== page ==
I took the same winding path we had taken years earlier past the playground and parking lot and made my way down the greenway. I stopped at the bridge and peered out at the water. Then I continued to the end of the path before turning around and making my way back toward the car. I walked as fast as I could on my way back.

Random Thoughts

It’s late on a Saturday night, so I thought I’d just post some random thoughts.

  • It’s been nearly three weeks since Rocky went to the Bridge. Time seems to have flown by, but these last three weeks have lasted forever.
  • I really wish now that I had started blogging at the start of the journey. There were some really good times these last eight months that I have no record of now. March, April, May and June were really good months. I remember thinking in mid June that I had no regrets.
  • The house still feels really strange and foreign without Rocky. It’s not so much the quiet as it is just a complete lack of energy.
  • I have yet to vacuum since he went to the Bridge. I can still see some of his hair in the carpet, and there’s still some mud he tracked in the last few days he was here. I’m not refusing to vacuum for sentimental reasons; I just haven’t had the energy to do it.
  • I’ve found three pennies – one each week he’s been gone. They’ve all been pretty mangled. I’m still waiting for a bigger sign that he’s made it.
  • I really need to spruce this blog up.
  • The one silver lining I was looking forward to was the relief that our battle was over. But, at this point, I think I’m more worried about him now than before.
  • I’ve barely been out in the back yard since he’s been gone. It feels completely foreign now.
  • I feel miserable most of the time. I know, eventually, that will pass. But there’s a pretty big part of me that never wants to feel good again. In a weird sense, it’s like if I hold on to this pain, I’m still holding on to him.

What’s In A Name?

His name was Isaac Joseph. I’ve always assumed that was the name given to him by the rescue group that saved him. I have no clue what his original name was. Or if he even had an original name.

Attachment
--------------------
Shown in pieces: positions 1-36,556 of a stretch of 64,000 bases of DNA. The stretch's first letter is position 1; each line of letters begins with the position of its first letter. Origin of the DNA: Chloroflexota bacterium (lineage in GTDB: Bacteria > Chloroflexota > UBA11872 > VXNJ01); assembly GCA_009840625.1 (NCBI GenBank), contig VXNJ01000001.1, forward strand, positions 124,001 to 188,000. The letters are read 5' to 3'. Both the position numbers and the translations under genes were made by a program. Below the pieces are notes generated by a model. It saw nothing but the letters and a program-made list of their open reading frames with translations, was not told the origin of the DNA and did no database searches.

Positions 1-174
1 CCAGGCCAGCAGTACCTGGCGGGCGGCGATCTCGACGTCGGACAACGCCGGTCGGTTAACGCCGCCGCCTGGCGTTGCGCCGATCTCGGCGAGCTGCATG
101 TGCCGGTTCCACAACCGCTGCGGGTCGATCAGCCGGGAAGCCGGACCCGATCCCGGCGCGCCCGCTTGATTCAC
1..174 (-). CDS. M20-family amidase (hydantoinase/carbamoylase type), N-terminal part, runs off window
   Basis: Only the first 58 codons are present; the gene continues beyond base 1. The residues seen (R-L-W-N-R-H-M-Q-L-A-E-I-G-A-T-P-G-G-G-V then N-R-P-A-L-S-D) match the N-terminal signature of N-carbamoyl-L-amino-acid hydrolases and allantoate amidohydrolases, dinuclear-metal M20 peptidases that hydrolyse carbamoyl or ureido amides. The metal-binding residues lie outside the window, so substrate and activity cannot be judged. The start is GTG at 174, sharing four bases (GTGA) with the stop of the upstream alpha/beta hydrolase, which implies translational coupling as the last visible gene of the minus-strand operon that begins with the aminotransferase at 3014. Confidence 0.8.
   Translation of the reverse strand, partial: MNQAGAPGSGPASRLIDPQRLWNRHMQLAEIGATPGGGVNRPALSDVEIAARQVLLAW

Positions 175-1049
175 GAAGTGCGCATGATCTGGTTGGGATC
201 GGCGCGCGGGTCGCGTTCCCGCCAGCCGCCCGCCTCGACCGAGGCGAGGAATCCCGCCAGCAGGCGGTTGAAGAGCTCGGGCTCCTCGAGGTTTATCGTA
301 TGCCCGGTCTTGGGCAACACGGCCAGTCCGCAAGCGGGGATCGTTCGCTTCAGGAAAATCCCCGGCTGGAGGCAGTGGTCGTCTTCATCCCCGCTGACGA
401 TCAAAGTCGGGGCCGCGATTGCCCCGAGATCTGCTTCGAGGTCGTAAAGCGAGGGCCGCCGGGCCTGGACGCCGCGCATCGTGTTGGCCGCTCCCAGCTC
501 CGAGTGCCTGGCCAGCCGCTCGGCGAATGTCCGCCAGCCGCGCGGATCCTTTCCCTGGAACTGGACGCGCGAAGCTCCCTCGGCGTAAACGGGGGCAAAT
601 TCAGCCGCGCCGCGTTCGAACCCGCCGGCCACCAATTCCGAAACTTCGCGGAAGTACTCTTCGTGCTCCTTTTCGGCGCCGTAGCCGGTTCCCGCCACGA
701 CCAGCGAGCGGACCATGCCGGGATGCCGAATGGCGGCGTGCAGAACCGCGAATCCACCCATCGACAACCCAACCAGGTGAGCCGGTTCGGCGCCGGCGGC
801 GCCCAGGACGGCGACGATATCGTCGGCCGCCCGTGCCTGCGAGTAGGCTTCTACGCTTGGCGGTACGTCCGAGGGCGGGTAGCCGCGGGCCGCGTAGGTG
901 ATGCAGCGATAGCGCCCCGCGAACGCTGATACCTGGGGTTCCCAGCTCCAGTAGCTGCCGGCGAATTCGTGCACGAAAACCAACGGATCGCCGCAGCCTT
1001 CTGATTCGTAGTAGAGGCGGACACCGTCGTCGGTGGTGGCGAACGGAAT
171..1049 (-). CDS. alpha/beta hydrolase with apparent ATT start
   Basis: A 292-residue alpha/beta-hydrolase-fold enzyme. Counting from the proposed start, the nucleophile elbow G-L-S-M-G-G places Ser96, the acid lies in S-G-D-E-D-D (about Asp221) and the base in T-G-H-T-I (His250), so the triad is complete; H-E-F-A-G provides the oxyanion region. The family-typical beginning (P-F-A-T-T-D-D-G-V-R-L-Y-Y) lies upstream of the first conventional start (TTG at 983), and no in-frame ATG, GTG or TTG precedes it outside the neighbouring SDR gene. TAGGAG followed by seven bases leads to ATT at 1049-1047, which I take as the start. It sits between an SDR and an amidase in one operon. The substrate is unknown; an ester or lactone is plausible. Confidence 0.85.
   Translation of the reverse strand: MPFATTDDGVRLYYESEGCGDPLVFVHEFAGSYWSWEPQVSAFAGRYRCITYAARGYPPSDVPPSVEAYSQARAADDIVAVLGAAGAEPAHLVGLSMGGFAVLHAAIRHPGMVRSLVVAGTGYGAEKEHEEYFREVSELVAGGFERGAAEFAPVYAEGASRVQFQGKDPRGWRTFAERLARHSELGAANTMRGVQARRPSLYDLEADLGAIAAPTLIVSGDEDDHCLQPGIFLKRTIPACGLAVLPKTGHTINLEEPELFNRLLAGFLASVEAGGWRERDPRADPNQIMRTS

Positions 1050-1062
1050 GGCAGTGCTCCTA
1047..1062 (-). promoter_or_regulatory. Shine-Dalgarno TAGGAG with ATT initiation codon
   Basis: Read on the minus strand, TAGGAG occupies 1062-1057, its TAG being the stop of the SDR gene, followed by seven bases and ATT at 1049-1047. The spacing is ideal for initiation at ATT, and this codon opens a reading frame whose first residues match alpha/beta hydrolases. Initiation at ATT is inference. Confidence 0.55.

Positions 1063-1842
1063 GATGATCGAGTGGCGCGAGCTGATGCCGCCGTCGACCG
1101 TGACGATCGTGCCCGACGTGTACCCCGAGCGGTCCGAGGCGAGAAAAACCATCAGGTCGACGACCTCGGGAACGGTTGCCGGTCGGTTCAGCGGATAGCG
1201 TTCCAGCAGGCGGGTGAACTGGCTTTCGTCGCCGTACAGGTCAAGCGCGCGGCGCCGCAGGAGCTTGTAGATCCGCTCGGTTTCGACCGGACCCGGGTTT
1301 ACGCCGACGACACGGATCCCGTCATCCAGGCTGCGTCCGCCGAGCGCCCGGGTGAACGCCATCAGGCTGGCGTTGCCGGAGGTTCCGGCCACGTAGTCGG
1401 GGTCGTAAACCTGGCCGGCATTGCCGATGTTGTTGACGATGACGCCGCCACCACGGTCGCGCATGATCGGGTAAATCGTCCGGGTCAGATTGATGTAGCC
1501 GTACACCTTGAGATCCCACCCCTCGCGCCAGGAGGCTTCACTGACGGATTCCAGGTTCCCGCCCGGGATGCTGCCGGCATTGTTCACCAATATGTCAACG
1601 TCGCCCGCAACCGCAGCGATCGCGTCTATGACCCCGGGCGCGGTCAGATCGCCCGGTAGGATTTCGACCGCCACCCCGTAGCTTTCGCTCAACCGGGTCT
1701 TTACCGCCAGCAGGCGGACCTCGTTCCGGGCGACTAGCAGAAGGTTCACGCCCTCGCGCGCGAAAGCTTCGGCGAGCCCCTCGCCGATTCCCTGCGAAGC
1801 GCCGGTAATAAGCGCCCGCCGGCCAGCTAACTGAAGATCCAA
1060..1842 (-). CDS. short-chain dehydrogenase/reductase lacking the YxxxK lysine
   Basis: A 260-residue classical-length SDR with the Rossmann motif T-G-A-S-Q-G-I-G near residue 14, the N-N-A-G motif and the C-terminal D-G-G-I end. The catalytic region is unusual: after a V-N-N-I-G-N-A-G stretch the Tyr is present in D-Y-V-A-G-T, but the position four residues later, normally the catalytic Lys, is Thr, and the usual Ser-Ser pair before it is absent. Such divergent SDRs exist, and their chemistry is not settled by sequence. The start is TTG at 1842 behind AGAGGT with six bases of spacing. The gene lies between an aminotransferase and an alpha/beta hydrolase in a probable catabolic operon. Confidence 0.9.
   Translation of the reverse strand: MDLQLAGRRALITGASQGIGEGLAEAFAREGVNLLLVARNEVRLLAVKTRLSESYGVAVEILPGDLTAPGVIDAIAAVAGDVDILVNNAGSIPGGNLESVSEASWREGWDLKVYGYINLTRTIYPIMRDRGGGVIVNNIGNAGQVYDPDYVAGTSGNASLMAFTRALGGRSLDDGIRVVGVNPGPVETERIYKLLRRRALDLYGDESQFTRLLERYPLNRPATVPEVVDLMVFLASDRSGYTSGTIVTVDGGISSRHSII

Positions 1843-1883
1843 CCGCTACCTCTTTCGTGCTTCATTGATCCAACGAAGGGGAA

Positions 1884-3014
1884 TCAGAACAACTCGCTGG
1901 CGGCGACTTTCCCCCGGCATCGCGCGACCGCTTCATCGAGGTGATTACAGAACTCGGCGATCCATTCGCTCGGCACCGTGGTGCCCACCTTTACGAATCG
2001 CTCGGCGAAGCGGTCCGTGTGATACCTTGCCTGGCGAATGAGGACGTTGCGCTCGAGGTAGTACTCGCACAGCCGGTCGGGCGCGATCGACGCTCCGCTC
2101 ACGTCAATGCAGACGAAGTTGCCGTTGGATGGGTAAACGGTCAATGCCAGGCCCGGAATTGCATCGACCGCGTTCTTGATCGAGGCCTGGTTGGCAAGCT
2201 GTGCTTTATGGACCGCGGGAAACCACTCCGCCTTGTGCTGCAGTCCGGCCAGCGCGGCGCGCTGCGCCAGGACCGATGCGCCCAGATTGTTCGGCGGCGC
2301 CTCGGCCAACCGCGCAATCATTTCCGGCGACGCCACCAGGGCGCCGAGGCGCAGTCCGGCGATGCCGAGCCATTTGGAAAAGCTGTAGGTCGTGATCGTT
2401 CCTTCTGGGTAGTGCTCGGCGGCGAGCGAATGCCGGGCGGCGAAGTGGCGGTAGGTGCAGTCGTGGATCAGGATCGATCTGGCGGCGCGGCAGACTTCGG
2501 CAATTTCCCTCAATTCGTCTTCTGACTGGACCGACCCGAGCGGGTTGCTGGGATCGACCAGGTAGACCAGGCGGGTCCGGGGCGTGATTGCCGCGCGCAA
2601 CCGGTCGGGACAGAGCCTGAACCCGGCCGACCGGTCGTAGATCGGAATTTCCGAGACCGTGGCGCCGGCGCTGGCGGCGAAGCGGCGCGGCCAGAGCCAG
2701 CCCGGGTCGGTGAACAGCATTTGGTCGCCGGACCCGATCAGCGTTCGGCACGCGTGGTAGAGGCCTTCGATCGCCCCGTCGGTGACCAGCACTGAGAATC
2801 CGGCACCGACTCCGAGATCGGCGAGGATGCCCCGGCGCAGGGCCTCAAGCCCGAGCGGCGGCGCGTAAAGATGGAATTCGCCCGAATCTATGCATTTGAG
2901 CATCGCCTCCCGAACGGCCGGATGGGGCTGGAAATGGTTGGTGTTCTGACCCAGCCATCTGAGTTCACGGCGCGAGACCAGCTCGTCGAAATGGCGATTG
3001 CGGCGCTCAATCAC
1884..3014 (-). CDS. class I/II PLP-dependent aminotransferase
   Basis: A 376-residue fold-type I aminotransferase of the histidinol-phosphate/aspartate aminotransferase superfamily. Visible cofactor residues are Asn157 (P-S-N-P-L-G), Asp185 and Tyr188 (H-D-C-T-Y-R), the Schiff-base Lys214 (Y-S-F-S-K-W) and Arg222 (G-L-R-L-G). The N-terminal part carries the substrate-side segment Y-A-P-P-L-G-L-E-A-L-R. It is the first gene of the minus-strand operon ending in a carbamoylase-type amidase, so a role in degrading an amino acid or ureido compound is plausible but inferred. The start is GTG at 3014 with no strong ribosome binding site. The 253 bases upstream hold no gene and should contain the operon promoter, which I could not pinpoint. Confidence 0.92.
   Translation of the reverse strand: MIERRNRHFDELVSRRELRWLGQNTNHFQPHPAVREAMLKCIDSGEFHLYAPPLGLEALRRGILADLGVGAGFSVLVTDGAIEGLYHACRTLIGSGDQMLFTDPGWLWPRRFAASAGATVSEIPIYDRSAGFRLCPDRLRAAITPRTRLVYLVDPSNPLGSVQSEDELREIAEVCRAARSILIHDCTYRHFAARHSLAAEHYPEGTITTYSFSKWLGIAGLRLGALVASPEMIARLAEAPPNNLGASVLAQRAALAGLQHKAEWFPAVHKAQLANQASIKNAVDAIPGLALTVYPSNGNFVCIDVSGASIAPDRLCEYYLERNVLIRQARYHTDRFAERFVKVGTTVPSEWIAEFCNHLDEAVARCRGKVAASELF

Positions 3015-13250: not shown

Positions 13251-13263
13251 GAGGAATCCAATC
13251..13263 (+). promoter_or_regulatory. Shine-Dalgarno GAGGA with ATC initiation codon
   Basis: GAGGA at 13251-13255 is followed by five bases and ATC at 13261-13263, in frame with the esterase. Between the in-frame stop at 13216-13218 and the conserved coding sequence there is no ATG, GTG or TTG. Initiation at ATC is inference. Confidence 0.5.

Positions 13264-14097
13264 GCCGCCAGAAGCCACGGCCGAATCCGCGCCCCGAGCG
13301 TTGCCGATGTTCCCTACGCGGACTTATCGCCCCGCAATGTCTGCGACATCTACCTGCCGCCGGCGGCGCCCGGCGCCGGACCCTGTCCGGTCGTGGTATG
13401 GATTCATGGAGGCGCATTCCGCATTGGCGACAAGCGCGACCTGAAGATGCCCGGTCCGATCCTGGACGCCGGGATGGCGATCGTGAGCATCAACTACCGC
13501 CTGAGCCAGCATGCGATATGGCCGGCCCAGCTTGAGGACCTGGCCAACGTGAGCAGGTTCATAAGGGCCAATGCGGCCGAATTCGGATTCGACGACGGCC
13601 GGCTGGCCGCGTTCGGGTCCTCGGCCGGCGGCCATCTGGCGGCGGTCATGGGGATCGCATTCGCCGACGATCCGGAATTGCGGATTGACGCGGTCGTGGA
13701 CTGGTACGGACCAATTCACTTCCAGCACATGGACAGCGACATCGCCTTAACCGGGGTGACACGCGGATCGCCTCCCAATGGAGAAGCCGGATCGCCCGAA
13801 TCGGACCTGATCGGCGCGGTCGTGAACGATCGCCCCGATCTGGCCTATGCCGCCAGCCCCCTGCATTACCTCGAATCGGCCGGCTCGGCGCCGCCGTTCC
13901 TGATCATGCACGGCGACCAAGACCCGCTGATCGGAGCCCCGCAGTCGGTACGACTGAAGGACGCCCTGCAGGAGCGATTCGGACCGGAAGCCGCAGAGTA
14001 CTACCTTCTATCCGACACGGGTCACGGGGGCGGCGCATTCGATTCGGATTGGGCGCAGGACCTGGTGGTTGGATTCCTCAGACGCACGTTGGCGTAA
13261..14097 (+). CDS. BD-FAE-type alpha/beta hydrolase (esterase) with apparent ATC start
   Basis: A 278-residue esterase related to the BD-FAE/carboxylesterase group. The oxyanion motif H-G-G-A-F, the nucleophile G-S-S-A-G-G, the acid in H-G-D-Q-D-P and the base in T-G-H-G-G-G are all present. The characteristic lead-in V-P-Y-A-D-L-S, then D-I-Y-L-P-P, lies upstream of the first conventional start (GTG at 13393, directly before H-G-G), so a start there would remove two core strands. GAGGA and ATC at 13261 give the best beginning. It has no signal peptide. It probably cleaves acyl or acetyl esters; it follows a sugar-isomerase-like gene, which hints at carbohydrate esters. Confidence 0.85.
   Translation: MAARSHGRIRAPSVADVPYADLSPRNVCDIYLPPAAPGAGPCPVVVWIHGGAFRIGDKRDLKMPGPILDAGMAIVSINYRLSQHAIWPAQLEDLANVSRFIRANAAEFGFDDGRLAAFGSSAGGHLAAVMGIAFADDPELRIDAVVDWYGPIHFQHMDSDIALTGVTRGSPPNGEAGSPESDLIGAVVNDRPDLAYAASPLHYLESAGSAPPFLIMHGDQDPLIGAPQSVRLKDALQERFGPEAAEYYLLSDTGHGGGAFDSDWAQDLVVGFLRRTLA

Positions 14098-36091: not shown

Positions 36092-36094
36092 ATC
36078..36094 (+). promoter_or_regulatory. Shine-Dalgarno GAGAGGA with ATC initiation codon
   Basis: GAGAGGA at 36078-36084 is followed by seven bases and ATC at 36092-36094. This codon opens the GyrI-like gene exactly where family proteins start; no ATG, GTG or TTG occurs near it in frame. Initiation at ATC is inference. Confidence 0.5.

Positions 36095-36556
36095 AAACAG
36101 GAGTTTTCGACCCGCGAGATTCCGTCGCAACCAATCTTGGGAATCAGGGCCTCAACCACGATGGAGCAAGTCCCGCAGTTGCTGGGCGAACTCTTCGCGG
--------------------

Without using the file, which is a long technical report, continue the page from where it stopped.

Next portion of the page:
Isaac, Ike or Joey would have worked just fine. But I wanted him to have a completely fresh start. And a completely fresh start involved a completely fresh name. So I went with Rocky.

I’m a proud University of Tennessee alum. People naturally assumed my alma mater inspired his new name. And I used to say: “Top is his middle name.”

But, truth be told, my school’s unofficial fight song wasn’t the only inspiration. It was obvious this dog was a fighter.

In the summer of 2009, Rocky was found wandering along the side of a highway. He weighed 20 pounds, was filthy dirty and his matted fur was covered in burrs. He was picked up and taken to a shelter. There, he tested heart worm positive.

Sick dogs don’t get adopted. And shelters have neither the time nor money for those kind of dogs. His only crime was daring to survive, and yet he was placed on doggie death row.

He was two days from his end when he was discovered by the rescue group. He was out of the shelter, but his fight was far from over.

He broke my heart, then his was fixed. And we became inseparable. His first night home, I remember looking into his sorrowful eyes to speak to him.

“I don’t know where you’ve been or what you’ve been through, but I know you’ve had it pretty rough. But those days are over. You’re with me now, and I’m going to take care of you. I promise.”

Little did I know his toughest fight was still yet to come.

Most people send cards or candy to loved ones on Valentine’s Day. I had one of my dog’s front legs removed due to Osteosarcoma. The day after the surgery, as I walked Rocky through the emergency room lobby, a man surveyed my dog’s new form.

“Oh my God! What happened to him!?!”


“Is he going to be all right?”

“Yeah. It got his leg, but that’s all it’s going to get.”

I was wrong. Six months and multiple chemo treatments later, cancer took one of Rocky’s back legs. There’s a reason there’s a Tripawds but no Bipawds site. I had to throw in the towel and stop the fight.

In the nearly two weeks since I said goodbye to the best friend I’ll ever have, I’ve had several people tell me it’s a shame he lost his fight with cancer. But he didn’t lose. The cancer may have taken his body. But his personality was never broken. His will was never broken. His spirit was never broken.

Rocky’s at the Bridge now. Romping on all fours with a yucky green tennis ball in his mouth. That’s not losing. That’s winning. Because fighters win. Champions win.

From now on, I’m going to say Balboa is his middle name.